Yes, the comments were awful. The thing with the woman was, I got the impression she had been given the impression this was the correct way to behave. I know that people make their own choices how to behave - but come on, no-one would suggest to their male student that it'd be ok to wander around flirting. In fact they'd know it'd be considered highly inappropriate.

I'm not an academic btw, just a student - so it was strange seeing it from the outside and thinking 'do I want to be a part of this? Or how would I try to change it?'. Flamethrower sounds good! grin

But I think it's shocking anyone behaves like this - in 2011, I don't see how they can get away with it. Other women seemed to not quite get why I was bothered by it.

TheRealMBJ Sat 23-Jul-11 21:31:11

Oh, this seems even more upsetting if I understand correctly. Is she a fellow student? And do you think she's been given the impression that this would be the right way to behave by lecturers/supervisors? Her behaviour might then be the consequence of their prejudices or worse still bordering on exploitation.

LRDTheFeministNutcase Sat 23-Jul-11 21:44:46

Yes, she's a student - she's an MA student so probably somewhere between 22 and 24, and very, very, 'junior' in the hierarchy. There were loads of them all from the same place and one of the organizers was a proper academic at that place, so I got the impression he'd at least known that she was planning to rock up in a slinky dress and flirt. I mean ... sure, he's not responsible for her but honestly I would bet my own grant money this girl did not get the idea to wander around sitting on guys' laps and posing for pictures all on her own. It just didn't seem like that - she wasn't that drunk.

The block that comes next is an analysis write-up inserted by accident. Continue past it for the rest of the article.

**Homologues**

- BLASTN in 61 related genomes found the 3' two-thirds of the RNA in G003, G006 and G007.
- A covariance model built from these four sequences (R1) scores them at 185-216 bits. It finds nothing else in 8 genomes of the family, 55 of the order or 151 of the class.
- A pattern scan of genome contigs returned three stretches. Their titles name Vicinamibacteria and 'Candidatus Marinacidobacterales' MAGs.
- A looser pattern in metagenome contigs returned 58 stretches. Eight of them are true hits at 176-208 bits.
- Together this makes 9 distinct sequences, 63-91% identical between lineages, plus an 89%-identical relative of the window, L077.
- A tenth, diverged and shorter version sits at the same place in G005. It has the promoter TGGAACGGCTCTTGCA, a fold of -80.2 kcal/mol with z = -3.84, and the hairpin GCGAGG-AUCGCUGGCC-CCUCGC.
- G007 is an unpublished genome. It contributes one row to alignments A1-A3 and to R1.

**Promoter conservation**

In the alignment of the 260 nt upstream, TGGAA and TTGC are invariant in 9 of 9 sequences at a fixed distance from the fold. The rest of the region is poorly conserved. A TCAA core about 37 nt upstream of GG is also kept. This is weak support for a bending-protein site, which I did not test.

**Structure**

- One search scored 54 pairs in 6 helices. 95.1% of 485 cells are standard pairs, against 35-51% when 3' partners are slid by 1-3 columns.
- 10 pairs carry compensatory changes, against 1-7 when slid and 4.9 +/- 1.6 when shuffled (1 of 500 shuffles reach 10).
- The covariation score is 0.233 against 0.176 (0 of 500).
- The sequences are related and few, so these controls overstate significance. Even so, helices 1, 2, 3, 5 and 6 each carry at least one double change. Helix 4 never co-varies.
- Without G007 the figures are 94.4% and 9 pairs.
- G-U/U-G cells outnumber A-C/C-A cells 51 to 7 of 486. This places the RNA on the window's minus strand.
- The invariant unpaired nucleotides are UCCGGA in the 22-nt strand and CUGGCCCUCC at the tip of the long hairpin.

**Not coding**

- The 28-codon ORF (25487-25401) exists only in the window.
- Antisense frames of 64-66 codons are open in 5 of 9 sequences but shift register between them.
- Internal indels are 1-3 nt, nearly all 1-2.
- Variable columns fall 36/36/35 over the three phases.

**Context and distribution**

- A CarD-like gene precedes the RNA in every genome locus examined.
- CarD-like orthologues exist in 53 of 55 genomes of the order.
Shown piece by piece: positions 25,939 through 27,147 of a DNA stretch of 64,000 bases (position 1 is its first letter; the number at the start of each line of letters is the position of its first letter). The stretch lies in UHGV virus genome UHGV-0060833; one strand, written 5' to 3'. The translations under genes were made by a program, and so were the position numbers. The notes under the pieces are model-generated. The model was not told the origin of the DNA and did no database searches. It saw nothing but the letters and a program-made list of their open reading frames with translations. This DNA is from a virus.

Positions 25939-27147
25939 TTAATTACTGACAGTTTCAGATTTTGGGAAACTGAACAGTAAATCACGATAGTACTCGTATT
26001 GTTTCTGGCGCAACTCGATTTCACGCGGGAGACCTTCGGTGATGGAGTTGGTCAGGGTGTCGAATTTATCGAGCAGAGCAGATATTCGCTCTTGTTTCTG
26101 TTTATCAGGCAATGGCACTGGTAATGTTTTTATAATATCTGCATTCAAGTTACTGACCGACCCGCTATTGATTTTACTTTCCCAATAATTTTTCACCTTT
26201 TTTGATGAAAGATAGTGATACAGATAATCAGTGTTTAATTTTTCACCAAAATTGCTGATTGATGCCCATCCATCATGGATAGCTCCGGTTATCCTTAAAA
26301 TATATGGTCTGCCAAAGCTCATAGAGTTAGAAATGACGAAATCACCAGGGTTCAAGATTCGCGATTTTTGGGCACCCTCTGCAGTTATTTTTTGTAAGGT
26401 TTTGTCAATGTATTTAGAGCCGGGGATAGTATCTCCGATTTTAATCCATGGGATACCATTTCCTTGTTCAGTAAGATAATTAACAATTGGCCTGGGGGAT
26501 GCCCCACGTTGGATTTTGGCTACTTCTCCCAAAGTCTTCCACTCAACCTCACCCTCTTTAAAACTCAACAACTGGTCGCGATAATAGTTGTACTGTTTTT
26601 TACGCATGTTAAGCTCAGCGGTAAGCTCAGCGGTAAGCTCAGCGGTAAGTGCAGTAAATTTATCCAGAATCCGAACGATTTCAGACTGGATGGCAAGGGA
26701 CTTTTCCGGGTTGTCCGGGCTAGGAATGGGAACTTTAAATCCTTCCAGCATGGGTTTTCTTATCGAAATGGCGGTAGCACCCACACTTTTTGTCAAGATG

I wondered how often others on here have had experience of that sort of double-standard, where women are expected or subtly encouraged to behave in a way that actually makes them look bad? There was no good way for her to come out of it and no easy way for me to show I thought it was dodgy without looking (that old favourite) like a 'humourless feminist'. hmm

TheRealMBJ Sat 23-Jul-11 22:01:45

It's that whole slut/prude thing though isn't it? One can't win sad

I studied and later worked with a woman like this. She is a real barbie, very thin, long blonde hair, big boobs and very intelligent but she would and still flirt and behave inappropriately at every opportunity, and down plays her intellect. It is very disheartening to see.

Prolesworth Sat 23-Jul-11 23:50:57

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Prolesworth Sat 23-Jul-11 23:51:31

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LRDTheFeministNutcase Sun 24-Jul-11 13:24:41

proles, that's partly the question I'm asking here: do I challenge every time? Do you? Luckily, these people aren't directly superior to me, they're working in a slightly different area. And I did feel able to tackle at least some of the worst comments - but I'm not sure anyone even understood that I seriously thought they were out of order.

Realistically, do you fight every time and what effect does it have? I want to say I'll always challenge a remark that's sexist and I'll hope to be judged on what I do, not how nice I am to sexist wankers - but does that actually work, ever? I dunno.

real - I know the sort of person. Actually, I find it very hard not to talk myself down. I am kicking myself for talking to someone and saying that something was obvious and easy to conclude when actually it's a piece of my own original research. But I need to work on this a bit - not sure it's a feminist issue (maybe?).

Prolesworth Sun 24-Jul-11 14:01:43